Although the sport of soccer is celebrated for its combination of skill and athleticism, it is driven just as heavily by the intangibles of intelligence and instinct. It’s in this latter category that fourth-year Jonathon Cartwright excelled.
Cartwright knew he wanted to wear maroon and white after meeting former Chicago head coach John O’Connor at a Notre Dame soccer camp. Originally, he didn’t expect to play much in his first year, but O’Connor had other ideas.
“My impressions and expectations of Jon was that he would make an impact on our program from the get-go,” O’Connor said. “He fit in very well and was a starter from day one.”
In O’Connor’s lineup, Cartwright’s speed and technical skill made him a staple at the right fullback position, and his steady presence defined his role as an on-field general, even as an underclassman.
“His ability to lead, first by example and then through his knowledge of the game, came through in the trust his teammates had in him whenever they stepped on the field,” O’Connor said.
After the 2005 season, O’Connor left to take up the head coaching position at the University of Rhode Island. The transition from O’Connor to new head coach Scott Wiercinski was demanding, but Cartwright’s talent and work ethic proved to be a pivotal cornerstone for a young, rebuilding team.
“He was a guy we could count on from day one,” Wiercinski said. “We knew what we were going to get from him, in terms of being consistent, in terms of being reliable, in terms of putting forth a great effort and being a very dedicated player. From a coaching perspective, it was the ideal raw material to work with.”
For Cartwright, the adjustment period solidified his role in the backfield.
“I definitely evolved from being a standoffish young player who followed orders to someone who is less technically oriented and more tactical—giving advice to younger players on how to position themselves and when to do things and when not to,” he said.
“He did more talking and coercing and that type of leadership, which pays a little more in the dividend column,” Wiercinski adds. “He was a consistent, reliable player on a day-to-day basis. It earns you respect and the credibility—to do all of those things without forcing any of it.”
With the loss of key players from the prior season, Cartwright was forced to play out of position. Moving to central defense was not only a test of his adaptability as a defensive player but also an exercise in determination—determination to improve his game and determination to win. In 2006, Cartwright established himself as a recognizable leader on the pitch, anchoring Chicago’s back five to an impressive 0.80 GAA and a second consecutive postseason appearance.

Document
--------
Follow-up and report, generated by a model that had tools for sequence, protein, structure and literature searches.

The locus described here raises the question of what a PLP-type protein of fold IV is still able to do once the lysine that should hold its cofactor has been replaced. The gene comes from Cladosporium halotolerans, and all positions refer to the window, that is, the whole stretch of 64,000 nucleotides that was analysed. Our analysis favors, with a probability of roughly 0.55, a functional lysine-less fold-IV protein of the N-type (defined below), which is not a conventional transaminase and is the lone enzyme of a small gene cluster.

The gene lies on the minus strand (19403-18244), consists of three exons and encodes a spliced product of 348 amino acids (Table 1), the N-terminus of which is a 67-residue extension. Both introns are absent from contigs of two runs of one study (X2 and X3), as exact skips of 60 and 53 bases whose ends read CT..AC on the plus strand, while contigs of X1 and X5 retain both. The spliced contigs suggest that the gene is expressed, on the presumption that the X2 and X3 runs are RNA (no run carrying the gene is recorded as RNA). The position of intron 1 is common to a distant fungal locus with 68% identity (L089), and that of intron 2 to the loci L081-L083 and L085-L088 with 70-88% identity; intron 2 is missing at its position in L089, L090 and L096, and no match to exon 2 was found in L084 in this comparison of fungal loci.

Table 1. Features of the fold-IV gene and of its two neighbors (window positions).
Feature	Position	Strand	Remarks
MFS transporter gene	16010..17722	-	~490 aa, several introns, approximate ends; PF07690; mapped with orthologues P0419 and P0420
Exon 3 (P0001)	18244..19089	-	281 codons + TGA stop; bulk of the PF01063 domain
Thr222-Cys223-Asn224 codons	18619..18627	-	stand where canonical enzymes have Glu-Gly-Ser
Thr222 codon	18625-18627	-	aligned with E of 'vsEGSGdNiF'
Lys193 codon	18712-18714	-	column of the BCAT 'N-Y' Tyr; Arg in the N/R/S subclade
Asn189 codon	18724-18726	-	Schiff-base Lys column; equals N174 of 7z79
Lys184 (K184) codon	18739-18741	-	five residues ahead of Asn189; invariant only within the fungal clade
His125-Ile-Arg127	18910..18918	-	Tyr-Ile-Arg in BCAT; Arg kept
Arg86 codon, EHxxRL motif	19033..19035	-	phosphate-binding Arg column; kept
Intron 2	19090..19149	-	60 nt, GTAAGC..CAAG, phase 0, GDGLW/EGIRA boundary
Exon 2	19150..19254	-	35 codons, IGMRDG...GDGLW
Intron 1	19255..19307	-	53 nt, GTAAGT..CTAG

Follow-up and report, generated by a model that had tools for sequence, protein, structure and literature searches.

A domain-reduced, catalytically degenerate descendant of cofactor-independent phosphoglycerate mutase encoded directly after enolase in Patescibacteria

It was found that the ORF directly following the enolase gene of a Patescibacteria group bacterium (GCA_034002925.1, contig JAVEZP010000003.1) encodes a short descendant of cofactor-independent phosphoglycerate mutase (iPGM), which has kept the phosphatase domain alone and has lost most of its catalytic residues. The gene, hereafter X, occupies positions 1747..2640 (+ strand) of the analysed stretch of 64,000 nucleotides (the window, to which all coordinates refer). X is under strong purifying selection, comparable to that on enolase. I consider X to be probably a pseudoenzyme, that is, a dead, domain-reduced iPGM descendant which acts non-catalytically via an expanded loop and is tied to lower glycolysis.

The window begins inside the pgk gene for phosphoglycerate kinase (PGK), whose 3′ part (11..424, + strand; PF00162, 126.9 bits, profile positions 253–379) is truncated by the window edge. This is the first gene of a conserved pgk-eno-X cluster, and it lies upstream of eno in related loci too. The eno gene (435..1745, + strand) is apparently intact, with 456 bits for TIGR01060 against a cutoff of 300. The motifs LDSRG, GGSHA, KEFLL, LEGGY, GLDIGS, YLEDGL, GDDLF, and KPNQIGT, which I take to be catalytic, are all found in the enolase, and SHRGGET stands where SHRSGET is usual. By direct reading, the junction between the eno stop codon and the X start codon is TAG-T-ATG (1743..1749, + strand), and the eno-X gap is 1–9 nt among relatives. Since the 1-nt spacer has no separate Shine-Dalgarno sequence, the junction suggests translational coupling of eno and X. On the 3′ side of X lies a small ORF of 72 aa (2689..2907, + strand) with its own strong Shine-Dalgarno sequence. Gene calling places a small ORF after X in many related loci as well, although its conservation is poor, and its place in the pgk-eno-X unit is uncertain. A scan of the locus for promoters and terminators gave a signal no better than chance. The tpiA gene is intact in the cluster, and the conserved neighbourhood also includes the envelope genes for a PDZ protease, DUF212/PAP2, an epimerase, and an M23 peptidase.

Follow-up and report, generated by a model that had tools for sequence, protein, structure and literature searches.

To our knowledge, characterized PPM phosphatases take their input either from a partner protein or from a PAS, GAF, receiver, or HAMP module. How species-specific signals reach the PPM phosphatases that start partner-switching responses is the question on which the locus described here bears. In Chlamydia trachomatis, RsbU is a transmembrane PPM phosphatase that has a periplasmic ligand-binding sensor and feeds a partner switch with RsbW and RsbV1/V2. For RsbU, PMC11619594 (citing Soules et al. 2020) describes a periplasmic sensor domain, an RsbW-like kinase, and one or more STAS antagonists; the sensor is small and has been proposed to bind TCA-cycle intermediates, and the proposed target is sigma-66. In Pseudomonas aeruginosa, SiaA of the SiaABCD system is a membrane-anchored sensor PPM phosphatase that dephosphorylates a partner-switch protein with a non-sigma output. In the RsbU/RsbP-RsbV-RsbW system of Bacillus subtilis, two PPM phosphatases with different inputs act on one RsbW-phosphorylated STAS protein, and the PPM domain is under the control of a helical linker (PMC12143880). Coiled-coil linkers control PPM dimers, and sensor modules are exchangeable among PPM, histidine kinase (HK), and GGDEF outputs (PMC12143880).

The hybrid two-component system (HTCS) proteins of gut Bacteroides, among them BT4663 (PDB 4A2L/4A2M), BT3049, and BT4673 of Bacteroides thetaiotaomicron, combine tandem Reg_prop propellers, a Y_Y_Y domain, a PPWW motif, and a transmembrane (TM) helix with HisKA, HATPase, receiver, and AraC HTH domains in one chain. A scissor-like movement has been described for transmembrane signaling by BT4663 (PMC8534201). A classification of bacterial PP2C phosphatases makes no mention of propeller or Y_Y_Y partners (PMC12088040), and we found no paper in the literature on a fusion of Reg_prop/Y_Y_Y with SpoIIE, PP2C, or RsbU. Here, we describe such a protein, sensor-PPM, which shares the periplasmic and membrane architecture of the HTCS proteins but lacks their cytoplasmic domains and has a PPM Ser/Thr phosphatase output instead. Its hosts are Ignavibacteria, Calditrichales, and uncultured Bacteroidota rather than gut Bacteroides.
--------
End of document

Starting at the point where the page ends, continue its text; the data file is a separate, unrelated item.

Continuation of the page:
But numbers and statistics can’t sum up the significance of Cartwright’s career. His name doesn’t show up in any of the program’s record books, and he’s not a career or season leader in any named category—he has all of three assists to his name.
His importance can only be expressed in the broadest of terms. His fluency emerges from his ability to read the game. His longevity is a result of his enduring fitness, which ensured that he has only missed two games his entire career. His love of the game resides in all the stories and anecdotes he’s collected about his time as a Maroon.
His playing style, which Wiercinski described as “sometimes a little unorthodox,” became his trademark, necessity paving the way for invention every time Cartwright juked around an opposing player in order to put the ball into play instead of hoofing the clearance as far as possible.
Cartwright put together so many complete performances over his four-year career that picking out just one defining game would be inadequate, but his last game at Stagg Field was one to remember. Sometime during the 110-minute encounter, the game became about more than just the season closer and the rivalry with Wash U. The result seemed to hinge on Cartwright’s—and by extension, the Maroons’—mission to keep the ball out of the Chicago net. The match ended 0–0, and Cartwright’s career ended with a clean sheet.
Although he would never claim any personal credit for the complete team effort put forth that day, Cartwright does take pride in certain aspects of his game—his strength lies in his patience, and he enjoys forcing his opponent to make the first move.
“Confidence is a big thing,” he said. “Whenever I’ve gotten beaten, it’s because I feel like guys are better than me, but if you go in thinking, ‘There’s no way you’re getting around me with the ball,’ most of the time, they don’t.”
Confidence, though certainly an intangible, nevertheless materialized in Cartwright’s game, taking shape not only in the form of his coaches’ faith and his teammates’ trust but in every single time he placed his body between his opponent and the goal.